Obon Festival

The History and Traditions of the Buddhist Obon Festival

The Obon Festival season is with us once more!  Urabon, shortened as Obon is a Japanese term translated from the Sanskrit word ‘Ullambana’ which actually means ‘to hang upside down’. It is used to imply the excruciating suffering, be it physical or spiritual, when one is hung upside down. The festival is considered an Invitation to the Dead because it is believed to be the time the spirits revisit our world. Even though such dark imagery is associated with its name and meaning, the Obon festival is actually a fun tradition celebrated with large gatherings, family reunions, and bright lanterns.

Conduction of Obon ritual is in accordance with Sâkyamuni Buddha teachings as given by him in the Urabon Sutra. The story in this Sutra goes like this: Mokuren Sonja, Sâkyamuni’s disciple and a priest renowned for his supernatural powers amongst all the other disciples, used these supernatural powers to meditate about his deceased mother. He realized that his mother had fallen into the hands of hungry ghosts which were tormenting her. The disciple sought for advice from Sâkyamuni on what to do to free his mother from the torture, the Buddha advised him to give an offering to his fellow priests who had just finished their summer retreat. Upon doing this, he saw his mother freed from the torture and danced joyously after the incidence. This story was interpreted differently over time including the belief that ancestral spirits actually revisit this world.

Obon is among the most important Buddhist rites celebrated in Japan, a number of other Asian countries and other parts of the world. Nationwide, travel increases during the months of July and August as multitudes of Japanese go home for the Obon Festival.

The festival has spread to other countries mainly through Japanese immigration, with the first American Obon Festival being observed in Hawaii in 1910. It was celebrated in the continental United States in 1931 at the San Francisco’s Buddhist Church, the oldest Buddhist temple establishment in the U.S. Since its outset in the U.S., Obon Festival has remained one of the most important Japanese-American traditions of folk culture. Today, there are large Obon Festivals held in numerous locations of the United States, Canada and South America as well as parts of Asia.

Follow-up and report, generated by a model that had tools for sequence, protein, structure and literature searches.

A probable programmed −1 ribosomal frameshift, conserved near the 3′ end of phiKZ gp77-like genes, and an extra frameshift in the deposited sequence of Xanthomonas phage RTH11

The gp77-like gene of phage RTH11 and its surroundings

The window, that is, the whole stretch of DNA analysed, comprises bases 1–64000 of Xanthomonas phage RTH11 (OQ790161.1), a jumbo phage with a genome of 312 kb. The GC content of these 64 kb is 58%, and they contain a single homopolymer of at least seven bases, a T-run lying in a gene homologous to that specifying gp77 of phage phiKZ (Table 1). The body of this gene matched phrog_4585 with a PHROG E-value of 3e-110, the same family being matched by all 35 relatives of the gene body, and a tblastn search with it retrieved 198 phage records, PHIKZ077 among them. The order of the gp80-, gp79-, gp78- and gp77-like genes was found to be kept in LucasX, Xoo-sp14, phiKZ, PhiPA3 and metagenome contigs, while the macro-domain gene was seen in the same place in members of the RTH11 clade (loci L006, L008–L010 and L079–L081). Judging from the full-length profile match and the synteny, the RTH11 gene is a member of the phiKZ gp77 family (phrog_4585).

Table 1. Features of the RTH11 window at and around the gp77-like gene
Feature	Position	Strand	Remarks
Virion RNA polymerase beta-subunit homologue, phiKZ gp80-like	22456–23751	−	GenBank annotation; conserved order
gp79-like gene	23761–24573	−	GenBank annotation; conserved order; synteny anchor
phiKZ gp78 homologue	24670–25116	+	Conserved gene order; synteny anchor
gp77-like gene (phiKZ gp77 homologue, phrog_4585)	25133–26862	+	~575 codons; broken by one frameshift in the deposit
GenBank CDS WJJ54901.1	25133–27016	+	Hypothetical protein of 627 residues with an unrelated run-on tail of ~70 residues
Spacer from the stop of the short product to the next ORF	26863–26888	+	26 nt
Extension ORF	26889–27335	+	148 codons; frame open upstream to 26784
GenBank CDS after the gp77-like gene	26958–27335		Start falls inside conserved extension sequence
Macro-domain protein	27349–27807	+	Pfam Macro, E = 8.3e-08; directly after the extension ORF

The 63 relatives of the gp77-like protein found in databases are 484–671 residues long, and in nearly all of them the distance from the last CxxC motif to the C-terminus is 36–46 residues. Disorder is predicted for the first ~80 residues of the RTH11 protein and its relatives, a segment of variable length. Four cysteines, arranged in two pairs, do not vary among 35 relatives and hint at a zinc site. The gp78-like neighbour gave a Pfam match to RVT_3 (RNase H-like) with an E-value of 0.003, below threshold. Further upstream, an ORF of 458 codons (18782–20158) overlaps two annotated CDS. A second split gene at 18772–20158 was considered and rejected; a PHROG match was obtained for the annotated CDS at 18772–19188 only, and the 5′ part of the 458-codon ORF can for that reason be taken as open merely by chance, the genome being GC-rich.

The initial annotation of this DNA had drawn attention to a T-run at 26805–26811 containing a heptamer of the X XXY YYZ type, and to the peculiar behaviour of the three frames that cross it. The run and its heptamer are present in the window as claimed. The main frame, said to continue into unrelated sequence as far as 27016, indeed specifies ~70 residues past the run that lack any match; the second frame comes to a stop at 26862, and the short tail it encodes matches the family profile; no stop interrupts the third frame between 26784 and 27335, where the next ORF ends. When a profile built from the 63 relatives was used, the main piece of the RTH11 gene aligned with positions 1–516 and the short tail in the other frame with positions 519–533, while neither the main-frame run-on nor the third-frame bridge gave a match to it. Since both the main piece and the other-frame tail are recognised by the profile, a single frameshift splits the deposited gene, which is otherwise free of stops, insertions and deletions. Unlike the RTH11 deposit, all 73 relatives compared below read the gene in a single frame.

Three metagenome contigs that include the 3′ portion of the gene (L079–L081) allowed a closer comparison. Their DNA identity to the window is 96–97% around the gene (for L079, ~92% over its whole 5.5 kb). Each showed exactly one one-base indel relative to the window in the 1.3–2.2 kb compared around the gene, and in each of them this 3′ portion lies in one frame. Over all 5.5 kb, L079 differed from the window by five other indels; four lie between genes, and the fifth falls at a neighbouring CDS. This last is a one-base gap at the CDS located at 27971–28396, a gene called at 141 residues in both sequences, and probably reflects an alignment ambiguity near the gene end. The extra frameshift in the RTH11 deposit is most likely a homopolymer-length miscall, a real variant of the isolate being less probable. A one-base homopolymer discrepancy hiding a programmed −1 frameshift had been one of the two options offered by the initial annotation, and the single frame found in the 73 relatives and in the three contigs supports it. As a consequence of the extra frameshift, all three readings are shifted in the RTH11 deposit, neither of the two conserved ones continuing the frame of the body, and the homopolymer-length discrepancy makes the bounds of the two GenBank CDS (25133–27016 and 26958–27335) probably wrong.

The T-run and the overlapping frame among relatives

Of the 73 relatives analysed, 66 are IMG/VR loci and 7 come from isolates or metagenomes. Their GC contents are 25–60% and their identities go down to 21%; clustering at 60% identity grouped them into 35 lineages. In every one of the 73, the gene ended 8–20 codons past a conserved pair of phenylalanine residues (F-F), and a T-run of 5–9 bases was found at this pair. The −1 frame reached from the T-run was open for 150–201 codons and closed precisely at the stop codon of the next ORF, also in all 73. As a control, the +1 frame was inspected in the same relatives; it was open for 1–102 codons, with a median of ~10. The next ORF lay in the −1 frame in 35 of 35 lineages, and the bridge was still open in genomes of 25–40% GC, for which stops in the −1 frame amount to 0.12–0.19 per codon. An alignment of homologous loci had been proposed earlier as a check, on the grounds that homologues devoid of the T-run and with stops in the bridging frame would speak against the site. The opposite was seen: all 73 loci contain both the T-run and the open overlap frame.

A wide variety of traditions are observed during the Obon Festival. The time and traditions can vary, not just because it is celebrated in many different countries. Even within Japan itself, the easterners observe it in July while the westerners do it in August, still some Japanese Buddhists observe it on the 15th day of the seventh month on the lunar calendar, a date which is different altogether. In spite of all these variations most Japanese follow some similar traditions including engaging in an elaborate Bon Odori dance, cleaning the ancestor’s graves, laying flowers on graves, meeting with family and revisiting hometowns. The light cotton kimonos adorned by observers are meant to reflect the summer heat. After a welcome of Obon, the first day of the festival, the disciples lure the ancestors’ spirits into their homes through paper lanterns. Some give a food offering to the spirits believed to revisit earth during this special festival. On the last day of the festival, the devotees bid the spirits a farewell by placing lanterns filled with candles into rivers, an act meant to guide the spirits as they return to the world of dead. Obon Festival normally lasts for three days.

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